by Bethanie Culyer
I first picked up Everything I Know About Love in the last year of my first long term relationship. I chose it because it was the book I saw everywhere- being unmissable with its bright yellow cover. The last time I read it was last night – the cover slightly turned in from being read one too many times in the bath – next to the man I hope I’ll spend the rest of my life with. The book is the most worn, by far, of any book that I have bought in my adult life- so it may not photograph well, but it still reads the same. It’s the kind of book you get half way through and you get a copy for your sister – your friend – anyone who you think would benefit from it. Which is everyone- because you never know as much about love as you think you do.
When I first read this book, I thought I knew everything there was to know- what is it to be in love, what it is to be loved, what it is supposed to look like – feel like. One of the quotes emblazoned on the cover reads “I thought I knew a lot about love- not as much as Dolly.“ and that rings true. It has done at every time I have read it, no matter where I have been in my personal life. There’s always something to be learned from it, something new to realise and relate to.
The life Dolly has lived – at least romantically- does not resemble my own. I am a ‘Farly’- the long term relationship type. I love the commitment, the picture perfect ideal, dreaming of the marriage, the future children, a pet tortoise… that’s just me. I could never cope with the dozens of encounters, the uncertainty, the wildness of Dolly’s life. I sometimes wished I could. Kissing a stranger at a bar is about as out there as my love-life has ever been- I’d much rather be where I am now- in the home I’ve created with the person I love, building flat-pack furniture together, growing cacti and reading books. We are two Farlys- and it just works. With that in mind, here is my pick of the best advice from Everything I Know About Love- with annotations and anecdotes from a true Farly.
” No practical matter is important enough to keep you in the wrong relationship. Holidays can be cancelled, weddings can be called off, houses can be sold. Don’t hide your cowardice in practical matters”
This is the advice I wish I had, and I’ve known it to apply to my friends as well. I think this definitely applies to the Farly-type character as you aren’t only non-confrontational, but you’re a planner. You’ve planned exactly how everything is going to go, from your day to the trajectory of your relationship. Everything is supposed to happen a certain way, and when it doesn’t, that’s difficult for you. Deep down you may be unhappy, but leaving everything you’ve built up over the years is too much to even comprehend, and so you find some smaller, insignificant reason to say- like an upcoming holiday or event. You’ll wait, and put it off, and eventually the event is long-gone and so is your desire to stay. You shouldn’t stay in a relationship for any other reason than that you want to- and if you find yourself looking for these small reasons to stay, it’s already as good as over. I wish I was kidding when I say I once stayed for someone just because I would miss their family. No matter how daunting it may seem, everything and anything can, and should, be cancelled for the sake of your own happiness.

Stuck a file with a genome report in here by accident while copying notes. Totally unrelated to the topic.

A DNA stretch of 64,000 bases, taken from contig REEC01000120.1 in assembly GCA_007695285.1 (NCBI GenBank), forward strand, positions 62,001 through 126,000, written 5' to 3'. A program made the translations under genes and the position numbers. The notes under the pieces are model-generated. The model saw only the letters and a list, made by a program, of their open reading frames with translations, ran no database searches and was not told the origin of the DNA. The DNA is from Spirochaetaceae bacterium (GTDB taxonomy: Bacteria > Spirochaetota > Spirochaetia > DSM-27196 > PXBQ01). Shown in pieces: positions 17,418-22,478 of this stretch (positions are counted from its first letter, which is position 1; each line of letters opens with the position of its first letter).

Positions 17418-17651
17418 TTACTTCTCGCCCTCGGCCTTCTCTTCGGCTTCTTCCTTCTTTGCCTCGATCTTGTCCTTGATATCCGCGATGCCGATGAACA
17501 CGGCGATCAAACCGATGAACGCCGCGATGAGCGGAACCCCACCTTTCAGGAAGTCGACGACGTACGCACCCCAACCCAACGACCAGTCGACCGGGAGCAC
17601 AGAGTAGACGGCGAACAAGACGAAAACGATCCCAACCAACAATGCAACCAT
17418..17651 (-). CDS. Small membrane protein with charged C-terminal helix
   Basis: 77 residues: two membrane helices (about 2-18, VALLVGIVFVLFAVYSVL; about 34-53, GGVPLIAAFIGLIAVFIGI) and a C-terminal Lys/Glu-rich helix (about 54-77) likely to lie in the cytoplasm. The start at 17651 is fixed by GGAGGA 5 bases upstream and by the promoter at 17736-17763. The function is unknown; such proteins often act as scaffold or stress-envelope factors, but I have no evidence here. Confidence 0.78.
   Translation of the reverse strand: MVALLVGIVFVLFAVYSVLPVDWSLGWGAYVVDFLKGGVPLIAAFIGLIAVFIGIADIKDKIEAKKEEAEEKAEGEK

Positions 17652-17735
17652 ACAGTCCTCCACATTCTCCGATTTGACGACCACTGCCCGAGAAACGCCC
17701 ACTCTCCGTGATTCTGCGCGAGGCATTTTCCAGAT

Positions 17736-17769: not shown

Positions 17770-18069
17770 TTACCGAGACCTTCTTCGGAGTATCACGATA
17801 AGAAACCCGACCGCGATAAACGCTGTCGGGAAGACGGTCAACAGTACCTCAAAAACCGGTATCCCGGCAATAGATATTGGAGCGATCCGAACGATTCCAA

“You cannot predict how another person is going to behave in a relationship. You can risk-assess, you can be cautious, you can make sensible decisions about who you choose to trust and invite into your life and heart. But you can’t manage the unruly variables of another living, breathing human. To choose to love is to take a risk. Always. That’s why it’s called falling- no one meanders-with-a-compass-and-Ordnance-Survey-map into love”